Supermarkets stand to benefit from video distributors' efforts to tap the Internet pipeline, which is becoming a vital link in supplying home entertainment products and information.
Distributors have designed their Web sites to offer a variety of services for supermarkets and their customers. This includes everything from selling products direct to consumers to offering a broad array of information on merchandising, promotions, new releases and top selling rental and sell-through titles, as well as box-office statistics.
"New technologies got here just in time to help distributors survive," said Kirk Kirkpatrick, vice president, marketing, WaxWorks/VideoWorks, Owensboro, Ky. "Our Web site has had a 600% increase in usage over the last year."
Video distributors are aggressively pursuing the growth opportunity. "The Web is MVC's thrust," said Bob Tollini, senior vice president of marketing, Major Video Concepts, Indianapolis. "We've made a major investment in it, since more and more people are getting involved. The Internet isn't just for young white tech-heads any more."
One new on-line MVC venture offers several tools for supermarkets. "This site will do three things," explained Tollini. "First, it will e-mail new release information each Tuesday to supermarket customers with Web addresses. Second, it will provide information on stars, directors, awards, etc., making it a one-stop reference source. And third, it will sell product directly to consumers."
Video executives have been giving the site high marks. Commented Greg Rediske, president, Video Management Company, Tacoma, Wa.: "We like Major's e-mail program. It's a nice touch, and it gives our supermarket customers a little something extra."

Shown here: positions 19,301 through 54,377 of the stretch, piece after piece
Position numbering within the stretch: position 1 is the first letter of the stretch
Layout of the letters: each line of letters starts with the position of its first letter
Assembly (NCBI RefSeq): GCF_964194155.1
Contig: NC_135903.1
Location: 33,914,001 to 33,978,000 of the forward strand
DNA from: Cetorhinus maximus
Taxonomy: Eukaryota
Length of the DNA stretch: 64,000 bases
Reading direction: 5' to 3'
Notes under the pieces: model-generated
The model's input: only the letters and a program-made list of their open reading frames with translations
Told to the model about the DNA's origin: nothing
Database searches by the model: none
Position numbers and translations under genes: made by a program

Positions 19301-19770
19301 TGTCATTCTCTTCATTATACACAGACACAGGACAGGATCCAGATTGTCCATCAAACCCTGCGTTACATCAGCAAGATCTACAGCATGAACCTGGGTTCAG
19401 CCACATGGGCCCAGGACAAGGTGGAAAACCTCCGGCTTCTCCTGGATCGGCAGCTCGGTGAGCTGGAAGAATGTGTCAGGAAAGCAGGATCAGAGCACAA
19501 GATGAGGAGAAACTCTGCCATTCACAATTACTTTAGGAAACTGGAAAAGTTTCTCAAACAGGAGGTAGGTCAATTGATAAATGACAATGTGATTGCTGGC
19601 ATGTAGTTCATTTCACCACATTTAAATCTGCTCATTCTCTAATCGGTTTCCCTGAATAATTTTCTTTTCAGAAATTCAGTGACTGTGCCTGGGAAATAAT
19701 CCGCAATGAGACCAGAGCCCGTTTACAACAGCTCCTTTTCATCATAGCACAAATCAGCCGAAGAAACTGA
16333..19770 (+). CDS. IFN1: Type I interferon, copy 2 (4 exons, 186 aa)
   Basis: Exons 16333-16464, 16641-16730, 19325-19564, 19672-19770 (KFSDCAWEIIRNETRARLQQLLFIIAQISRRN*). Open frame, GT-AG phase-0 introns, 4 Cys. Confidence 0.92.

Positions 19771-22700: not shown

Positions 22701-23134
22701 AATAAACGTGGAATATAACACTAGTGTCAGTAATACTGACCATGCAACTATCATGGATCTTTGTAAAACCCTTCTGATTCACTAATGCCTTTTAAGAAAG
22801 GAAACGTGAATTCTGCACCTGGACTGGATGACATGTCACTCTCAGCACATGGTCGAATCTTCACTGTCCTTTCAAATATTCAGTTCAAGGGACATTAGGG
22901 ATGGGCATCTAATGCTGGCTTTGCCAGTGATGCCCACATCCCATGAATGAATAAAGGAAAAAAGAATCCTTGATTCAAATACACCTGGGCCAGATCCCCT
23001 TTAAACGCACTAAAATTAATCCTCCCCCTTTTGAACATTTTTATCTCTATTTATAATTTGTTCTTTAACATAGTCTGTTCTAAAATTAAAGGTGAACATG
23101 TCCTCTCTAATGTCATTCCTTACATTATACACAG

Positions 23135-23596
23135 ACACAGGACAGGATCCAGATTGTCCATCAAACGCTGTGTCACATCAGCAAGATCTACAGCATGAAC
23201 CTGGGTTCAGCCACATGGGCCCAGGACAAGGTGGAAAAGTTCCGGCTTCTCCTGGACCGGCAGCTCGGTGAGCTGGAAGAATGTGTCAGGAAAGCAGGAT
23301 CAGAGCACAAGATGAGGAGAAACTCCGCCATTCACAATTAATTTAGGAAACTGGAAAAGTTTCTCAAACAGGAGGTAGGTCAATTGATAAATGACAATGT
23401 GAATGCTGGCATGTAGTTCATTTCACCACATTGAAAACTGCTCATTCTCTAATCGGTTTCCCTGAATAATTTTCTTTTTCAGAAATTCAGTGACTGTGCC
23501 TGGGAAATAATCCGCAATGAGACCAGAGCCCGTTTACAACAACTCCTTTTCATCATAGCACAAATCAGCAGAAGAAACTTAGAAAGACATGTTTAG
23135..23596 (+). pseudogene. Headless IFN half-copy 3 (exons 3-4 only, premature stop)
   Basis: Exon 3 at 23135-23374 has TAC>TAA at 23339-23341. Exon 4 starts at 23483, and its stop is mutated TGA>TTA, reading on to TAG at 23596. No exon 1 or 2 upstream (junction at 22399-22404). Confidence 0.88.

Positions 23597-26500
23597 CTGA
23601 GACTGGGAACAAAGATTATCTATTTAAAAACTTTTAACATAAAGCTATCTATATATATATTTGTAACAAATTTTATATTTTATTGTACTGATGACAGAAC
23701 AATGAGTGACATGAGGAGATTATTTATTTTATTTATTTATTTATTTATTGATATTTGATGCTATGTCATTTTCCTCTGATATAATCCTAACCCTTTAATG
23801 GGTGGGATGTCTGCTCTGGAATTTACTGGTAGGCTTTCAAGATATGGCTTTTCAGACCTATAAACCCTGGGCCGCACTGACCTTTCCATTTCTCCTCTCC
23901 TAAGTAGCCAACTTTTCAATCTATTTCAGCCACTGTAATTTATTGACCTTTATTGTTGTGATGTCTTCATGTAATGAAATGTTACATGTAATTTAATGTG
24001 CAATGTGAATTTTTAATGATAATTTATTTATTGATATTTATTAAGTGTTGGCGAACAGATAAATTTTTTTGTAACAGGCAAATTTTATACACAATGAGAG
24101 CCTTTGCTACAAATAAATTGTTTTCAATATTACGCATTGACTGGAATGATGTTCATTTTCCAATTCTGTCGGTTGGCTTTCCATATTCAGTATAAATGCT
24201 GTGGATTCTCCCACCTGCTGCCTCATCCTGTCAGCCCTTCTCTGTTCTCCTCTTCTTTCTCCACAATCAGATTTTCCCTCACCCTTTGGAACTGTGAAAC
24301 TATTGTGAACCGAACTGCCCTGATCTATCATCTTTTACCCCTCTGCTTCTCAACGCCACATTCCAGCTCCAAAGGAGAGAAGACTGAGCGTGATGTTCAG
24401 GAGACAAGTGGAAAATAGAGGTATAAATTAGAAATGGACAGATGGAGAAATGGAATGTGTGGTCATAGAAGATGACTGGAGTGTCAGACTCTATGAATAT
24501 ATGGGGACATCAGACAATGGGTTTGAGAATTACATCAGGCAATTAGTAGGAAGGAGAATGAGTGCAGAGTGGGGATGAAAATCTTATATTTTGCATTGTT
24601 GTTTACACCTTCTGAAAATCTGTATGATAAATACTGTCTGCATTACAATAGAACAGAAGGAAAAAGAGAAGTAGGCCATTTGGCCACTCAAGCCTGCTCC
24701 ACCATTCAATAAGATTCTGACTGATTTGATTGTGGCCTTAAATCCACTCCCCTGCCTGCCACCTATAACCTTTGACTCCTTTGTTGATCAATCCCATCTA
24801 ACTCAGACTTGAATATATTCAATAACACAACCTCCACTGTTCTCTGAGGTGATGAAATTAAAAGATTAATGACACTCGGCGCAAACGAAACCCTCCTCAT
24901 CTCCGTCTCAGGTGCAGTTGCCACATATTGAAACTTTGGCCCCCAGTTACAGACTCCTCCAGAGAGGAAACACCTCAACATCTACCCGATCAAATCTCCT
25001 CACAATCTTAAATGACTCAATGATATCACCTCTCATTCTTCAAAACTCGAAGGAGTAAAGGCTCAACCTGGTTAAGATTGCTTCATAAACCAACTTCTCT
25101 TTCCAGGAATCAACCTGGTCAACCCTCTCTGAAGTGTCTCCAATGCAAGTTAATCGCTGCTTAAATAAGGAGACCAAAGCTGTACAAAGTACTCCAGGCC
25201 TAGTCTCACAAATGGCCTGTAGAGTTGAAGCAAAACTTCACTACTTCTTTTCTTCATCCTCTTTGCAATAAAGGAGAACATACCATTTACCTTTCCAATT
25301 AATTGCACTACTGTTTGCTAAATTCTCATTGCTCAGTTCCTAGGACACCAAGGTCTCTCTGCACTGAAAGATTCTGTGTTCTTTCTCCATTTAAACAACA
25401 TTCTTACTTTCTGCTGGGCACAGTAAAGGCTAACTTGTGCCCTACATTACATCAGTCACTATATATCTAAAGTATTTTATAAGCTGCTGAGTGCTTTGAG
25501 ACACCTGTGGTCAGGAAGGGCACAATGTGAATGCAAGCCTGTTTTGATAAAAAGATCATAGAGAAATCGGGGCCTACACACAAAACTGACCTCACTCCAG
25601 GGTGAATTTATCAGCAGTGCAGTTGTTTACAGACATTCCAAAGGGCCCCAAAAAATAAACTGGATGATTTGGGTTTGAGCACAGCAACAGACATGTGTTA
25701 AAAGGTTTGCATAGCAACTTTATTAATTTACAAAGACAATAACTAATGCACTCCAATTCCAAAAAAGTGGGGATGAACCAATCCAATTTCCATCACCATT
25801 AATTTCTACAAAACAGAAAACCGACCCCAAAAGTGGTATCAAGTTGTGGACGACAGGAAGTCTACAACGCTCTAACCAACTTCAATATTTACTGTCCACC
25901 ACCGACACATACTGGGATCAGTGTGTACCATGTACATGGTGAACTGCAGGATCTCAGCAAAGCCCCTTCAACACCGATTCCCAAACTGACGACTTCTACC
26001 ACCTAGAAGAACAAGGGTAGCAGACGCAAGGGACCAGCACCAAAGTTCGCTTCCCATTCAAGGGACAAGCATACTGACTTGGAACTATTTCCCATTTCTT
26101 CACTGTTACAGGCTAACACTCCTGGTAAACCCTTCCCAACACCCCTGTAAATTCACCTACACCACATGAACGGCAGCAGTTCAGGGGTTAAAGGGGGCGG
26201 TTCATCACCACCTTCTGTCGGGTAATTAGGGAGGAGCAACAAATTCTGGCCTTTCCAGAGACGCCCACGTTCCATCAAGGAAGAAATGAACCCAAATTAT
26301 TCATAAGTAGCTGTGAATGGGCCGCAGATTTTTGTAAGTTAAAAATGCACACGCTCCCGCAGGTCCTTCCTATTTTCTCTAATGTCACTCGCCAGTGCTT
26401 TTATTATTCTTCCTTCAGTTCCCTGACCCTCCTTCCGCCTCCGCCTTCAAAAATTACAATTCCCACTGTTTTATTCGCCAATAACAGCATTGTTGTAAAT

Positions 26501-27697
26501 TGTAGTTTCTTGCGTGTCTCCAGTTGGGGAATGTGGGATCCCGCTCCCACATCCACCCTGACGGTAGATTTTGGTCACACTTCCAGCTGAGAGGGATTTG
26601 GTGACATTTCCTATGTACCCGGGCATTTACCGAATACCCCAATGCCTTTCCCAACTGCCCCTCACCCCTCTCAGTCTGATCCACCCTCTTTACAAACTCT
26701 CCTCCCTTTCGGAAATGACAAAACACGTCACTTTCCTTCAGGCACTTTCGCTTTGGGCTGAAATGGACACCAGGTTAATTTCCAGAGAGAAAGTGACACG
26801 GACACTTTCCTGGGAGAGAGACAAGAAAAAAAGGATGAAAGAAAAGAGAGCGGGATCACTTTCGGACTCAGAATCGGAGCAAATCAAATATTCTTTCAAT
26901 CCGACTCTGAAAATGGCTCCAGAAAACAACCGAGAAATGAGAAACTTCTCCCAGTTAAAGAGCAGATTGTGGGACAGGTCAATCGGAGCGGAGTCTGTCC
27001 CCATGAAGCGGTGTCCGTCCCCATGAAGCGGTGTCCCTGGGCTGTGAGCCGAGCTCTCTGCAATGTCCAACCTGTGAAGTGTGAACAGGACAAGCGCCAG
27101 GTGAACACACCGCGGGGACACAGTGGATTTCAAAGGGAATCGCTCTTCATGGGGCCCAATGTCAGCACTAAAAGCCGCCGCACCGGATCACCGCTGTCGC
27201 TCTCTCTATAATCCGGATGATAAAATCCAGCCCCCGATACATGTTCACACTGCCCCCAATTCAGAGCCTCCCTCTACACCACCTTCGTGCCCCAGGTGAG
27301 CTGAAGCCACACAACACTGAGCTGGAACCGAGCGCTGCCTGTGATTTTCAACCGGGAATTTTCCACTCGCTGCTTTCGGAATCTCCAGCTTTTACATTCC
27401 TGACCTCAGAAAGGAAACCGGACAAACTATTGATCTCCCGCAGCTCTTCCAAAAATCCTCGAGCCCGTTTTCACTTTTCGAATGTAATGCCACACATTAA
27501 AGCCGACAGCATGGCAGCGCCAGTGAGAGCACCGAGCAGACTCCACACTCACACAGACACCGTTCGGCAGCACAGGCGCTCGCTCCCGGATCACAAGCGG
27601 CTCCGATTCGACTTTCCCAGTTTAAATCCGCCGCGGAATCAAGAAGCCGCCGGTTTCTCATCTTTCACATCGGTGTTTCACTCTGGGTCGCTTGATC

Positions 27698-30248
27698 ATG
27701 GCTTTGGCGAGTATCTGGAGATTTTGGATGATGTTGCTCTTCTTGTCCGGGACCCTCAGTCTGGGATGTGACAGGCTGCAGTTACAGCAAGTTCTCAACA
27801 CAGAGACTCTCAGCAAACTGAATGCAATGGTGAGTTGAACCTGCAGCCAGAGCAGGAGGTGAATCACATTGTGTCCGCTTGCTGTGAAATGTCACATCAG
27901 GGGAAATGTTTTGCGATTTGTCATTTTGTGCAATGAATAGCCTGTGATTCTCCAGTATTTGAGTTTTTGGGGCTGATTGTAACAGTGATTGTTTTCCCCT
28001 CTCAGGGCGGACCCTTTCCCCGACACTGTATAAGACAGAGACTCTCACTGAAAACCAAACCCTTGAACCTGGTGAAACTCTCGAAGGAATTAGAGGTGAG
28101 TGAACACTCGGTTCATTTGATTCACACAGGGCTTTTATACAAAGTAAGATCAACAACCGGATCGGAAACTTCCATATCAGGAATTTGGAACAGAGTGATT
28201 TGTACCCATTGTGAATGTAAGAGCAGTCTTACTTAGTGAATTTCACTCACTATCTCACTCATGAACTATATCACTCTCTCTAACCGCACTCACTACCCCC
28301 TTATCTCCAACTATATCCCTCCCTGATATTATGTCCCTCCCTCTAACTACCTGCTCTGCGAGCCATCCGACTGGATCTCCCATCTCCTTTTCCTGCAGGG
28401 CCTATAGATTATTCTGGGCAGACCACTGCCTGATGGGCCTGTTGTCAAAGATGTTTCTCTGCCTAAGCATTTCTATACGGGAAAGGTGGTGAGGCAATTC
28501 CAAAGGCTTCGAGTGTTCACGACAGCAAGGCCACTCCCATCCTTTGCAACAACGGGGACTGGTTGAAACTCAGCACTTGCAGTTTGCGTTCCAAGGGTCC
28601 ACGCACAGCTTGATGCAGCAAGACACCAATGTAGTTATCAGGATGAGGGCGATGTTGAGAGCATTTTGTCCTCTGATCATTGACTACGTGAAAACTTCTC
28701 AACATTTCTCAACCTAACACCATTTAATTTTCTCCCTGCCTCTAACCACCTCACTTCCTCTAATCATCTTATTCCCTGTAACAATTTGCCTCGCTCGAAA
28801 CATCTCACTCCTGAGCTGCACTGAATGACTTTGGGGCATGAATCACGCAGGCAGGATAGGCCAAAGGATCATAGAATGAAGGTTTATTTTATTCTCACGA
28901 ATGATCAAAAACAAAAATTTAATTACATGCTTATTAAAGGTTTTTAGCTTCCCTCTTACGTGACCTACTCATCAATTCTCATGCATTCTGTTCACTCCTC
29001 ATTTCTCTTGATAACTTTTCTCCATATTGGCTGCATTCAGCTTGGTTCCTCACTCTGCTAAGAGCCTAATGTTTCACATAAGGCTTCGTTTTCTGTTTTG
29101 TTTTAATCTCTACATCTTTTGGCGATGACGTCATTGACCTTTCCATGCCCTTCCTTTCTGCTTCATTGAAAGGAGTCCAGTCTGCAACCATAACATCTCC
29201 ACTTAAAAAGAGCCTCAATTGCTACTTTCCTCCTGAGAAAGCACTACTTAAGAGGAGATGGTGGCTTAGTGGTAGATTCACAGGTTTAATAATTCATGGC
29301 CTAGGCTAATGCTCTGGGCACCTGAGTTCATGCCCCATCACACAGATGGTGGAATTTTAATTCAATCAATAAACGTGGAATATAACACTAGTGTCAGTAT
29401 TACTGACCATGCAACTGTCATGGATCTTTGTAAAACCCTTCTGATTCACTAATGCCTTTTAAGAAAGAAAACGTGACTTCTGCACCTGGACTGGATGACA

All this is structured so that the supermarket appears to be selling to, and dealing directly with, the consumer," added Tollini of his company's site. "MVC does all the work and gives supermarkets a commission."
One example as to how this works can be viewed on Marsh Supermarkets' Web site (www.marsh.net). On the home page, the video department is featured and linked to MVC's myvideostore.com home page which displays the Marsh Video Center logo on the top instead of myvideostore. Through this site shoppers can order products directly. On VHS orders, there is a get a video rental free offer posted when you bring the online order receipt into the store.
Other distributors have mounted similar operations. "We have developed a fulfillment center for supermarkets," said Bill Bryant, vice president, sales, grocery and drug, Ingram Entertainment, La Vergne, Tenn. "We pack and ship on their behalf, as though the product is being shipped by supermarkets."
WaxWorks/VideoWorks, on the other hand, takes a more visible role, posting only retail prices in its on-line catalog. Consumers can then use it as a buying guide through local retailers. "It has been invaluable to our customers," said Kirkpatrick, "increasing their business with special orders. "Another distinction is the site's detailed order tracking. "We still offer the only Web site where customers can see what's in stock, order product, and then track their shipments."